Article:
Carbon Dioxide Shortage In Europe Forces Beer Rationing

A threat to disruption in supplies of meat and fizzy drink in Europe is posed by a massive shortage of food-grade carbon dioxide (CO2).

This shortage of CO2 in Europe has taken place at a time when there is a frenzy over the football World Cup and a peak season for summer barbecues. A number of major players in the food and drinks industry have already warned customers of very significant shortages in the next few weeks because of the ill-timed crisis.

The shortage has been described as the “worst supply situation to hit the European carbon dioxide business in decades” by trade journal Gas World which was the first to issue the warning earlier this month about the shortage throughout Europe of CO2.

Major ammonia plants are among the major sources of food-grade CO2 for the EU. However, over the last five years, maintenance issues have forced at least five gas producers in Northern Europe to engage in planned shutdown during the early summer months.

Additionally, repair work also resulted in temporary shutdown of an alternative source of CO2 for Europe – other bio-ethanol plants. the hardest hit among the EU members would be the UK because only one CO2 plant has been reported to be operational there.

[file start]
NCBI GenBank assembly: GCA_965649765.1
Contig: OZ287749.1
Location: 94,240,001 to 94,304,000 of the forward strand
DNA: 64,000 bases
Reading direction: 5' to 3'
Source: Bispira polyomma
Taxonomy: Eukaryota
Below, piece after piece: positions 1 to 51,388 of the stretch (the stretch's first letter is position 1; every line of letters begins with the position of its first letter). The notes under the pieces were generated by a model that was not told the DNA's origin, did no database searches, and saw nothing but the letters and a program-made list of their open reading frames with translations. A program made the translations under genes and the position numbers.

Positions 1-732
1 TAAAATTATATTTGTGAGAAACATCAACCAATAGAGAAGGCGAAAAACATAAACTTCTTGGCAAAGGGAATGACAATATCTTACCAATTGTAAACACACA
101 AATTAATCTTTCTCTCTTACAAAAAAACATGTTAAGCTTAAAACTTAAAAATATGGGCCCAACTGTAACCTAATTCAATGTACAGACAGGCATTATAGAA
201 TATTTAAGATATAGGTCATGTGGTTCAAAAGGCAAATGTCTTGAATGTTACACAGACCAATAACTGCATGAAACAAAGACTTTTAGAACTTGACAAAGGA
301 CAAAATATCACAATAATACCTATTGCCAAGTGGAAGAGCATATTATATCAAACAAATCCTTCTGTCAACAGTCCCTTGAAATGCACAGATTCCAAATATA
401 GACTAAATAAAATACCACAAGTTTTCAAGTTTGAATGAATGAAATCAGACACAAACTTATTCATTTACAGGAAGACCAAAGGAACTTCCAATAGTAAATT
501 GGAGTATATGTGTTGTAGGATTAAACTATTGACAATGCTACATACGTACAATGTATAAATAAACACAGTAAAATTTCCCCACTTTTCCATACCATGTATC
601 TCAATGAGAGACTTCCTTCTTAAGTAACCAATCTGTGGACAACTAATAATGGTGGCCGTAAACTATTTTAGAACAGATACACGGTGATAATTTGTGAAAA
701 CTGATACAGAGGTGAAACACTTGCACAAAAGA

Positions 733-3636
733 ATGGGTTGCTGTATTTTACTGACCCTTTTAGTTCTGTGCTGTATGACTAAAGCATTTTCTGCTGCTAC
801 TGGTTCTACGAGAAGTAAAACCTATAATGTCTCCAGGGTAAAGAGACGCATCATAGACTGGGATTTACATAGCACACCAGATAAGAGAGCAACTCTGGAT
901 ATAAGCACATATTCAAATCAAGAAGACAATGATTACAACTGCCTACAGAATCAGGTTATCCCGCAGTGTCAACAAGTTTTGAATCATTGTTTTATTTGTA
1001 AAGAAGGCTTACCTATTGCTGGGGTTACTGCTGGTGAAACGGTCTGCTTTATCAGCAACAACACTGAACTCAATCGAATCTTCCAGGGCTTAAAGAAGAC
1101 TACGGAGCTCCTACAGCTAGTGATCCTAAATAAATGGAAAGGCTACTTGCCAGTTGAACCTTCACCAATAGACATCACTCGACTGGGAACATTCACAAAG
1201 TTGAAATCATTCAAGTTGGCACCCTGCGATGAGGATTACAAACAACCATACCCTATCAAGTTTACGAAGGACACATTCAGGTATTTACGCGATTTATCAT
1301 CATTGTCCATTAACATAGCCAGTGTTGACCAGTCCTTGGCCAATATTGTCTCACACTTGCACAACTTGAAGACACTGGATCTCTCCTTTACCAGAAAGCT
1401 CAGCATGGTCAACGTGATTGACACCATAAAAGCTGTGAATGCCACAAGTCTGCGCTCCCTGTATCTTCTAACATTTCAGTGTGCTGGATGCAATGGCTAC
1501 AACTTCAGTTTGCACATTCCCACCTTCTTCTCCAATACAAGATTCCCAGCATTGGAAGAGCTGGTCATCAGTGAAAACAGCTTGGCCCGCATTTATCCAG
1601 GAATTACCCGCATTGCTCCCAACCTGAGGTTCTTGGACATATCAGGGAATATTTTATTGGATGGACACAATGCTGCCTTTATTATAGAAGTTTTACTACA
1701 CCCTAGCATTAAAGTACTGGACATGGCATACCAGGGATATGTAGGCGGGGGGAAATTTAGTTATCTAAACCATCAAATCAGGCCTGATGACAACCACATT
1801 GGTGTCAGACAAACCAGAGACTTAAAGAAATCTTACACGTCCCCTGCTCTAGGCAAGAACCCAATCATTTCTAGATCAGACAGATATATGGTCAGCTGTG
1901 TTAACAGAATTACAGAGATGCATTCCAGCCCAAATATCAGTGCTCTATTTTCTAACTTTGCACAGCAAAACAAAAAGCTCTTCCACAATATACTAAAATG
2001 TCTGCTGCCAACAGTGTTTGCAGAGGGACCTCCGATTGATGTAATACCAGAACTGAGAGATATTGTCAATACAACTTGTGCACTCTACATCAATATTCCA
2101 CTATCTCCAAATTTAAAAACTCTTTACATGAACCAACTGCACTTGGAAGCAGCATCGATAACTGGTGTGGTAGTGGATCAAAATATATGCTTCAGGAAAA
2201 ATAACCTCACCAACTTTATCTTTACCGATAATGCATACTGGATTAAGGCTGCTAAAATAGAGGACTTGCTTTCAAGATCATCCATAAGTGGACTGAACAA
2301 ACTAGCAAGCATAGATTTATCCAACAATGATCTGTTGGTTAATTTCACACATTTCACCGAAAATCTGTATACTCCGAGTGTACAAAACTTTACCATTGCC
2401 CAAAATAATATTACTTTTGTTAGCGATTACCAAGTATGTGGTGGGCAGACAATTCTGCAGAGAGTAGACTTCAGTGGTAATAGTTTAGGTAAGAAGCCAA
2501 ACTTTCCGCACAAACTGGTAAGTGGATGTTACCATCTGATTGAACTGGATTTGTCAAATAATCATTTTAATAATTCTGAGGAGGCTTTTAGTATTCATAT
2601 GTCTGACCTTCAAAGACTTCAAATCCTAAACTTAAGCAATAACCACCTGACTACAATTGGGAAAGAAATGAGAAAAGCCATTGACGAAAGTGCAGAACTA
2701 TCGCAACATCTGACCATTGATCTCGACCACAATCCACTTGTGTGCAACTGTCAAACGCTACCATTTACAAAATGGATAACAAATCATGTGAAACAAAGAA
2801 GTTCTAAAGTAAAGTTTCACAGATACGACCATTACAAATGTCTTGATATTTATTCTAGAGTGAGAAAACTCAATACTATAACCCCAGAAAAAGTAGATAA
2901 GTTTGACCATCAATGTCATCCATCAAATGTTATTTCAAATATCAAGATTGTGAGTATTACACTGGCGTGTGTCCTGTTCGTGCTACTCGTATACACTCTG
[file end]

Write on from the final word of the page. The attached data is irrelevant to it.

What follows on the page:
Drinks such as soda and beer is carbonated by CO2 which is a clear and odorless gas. The bottling and kegging process also makes use of the gas.

Beer and cider supplies were begun to be rationed by Tesco-owned food wholesaler Booker on Tuesday.

Customers are being restricted to 10 cases of beer and five of cider or soft drinks by the company which supplies its products to bars, restaurants and traders.

The company has been forced to engage in rationing of beer and cider supplies due to an “international shortage” of food-grade CO2, booker said in a company statement.

There have been reports of supply disruptions in both Heineken and Coca Cola and there are several other European food and drink firms that are grappling with the shortage of CO2.

A spokesperson from Heineken told the media last week over e-mail: “Like many other businesses in the food and drinks industry, we are affected by this shortage … We continue to work hard to resolve this issue as quickly as possible within our European supply base, and are working with customers to minimize disruption to their business.”

Pubs were also warned by Heineken of “major shortages” for its Amstel and John Smiths brands.

Wetherspoons – the largest pub in the UK has also announced that the shortage would soon force it to get off its menu a number of beers and other carbonated drinks.

On the other hand, shortage of CO2 gas has also forced Coca-Cola to announce that it had “temporarily paused” some of its manufacturing work.

(Adapted from CNBC.com)

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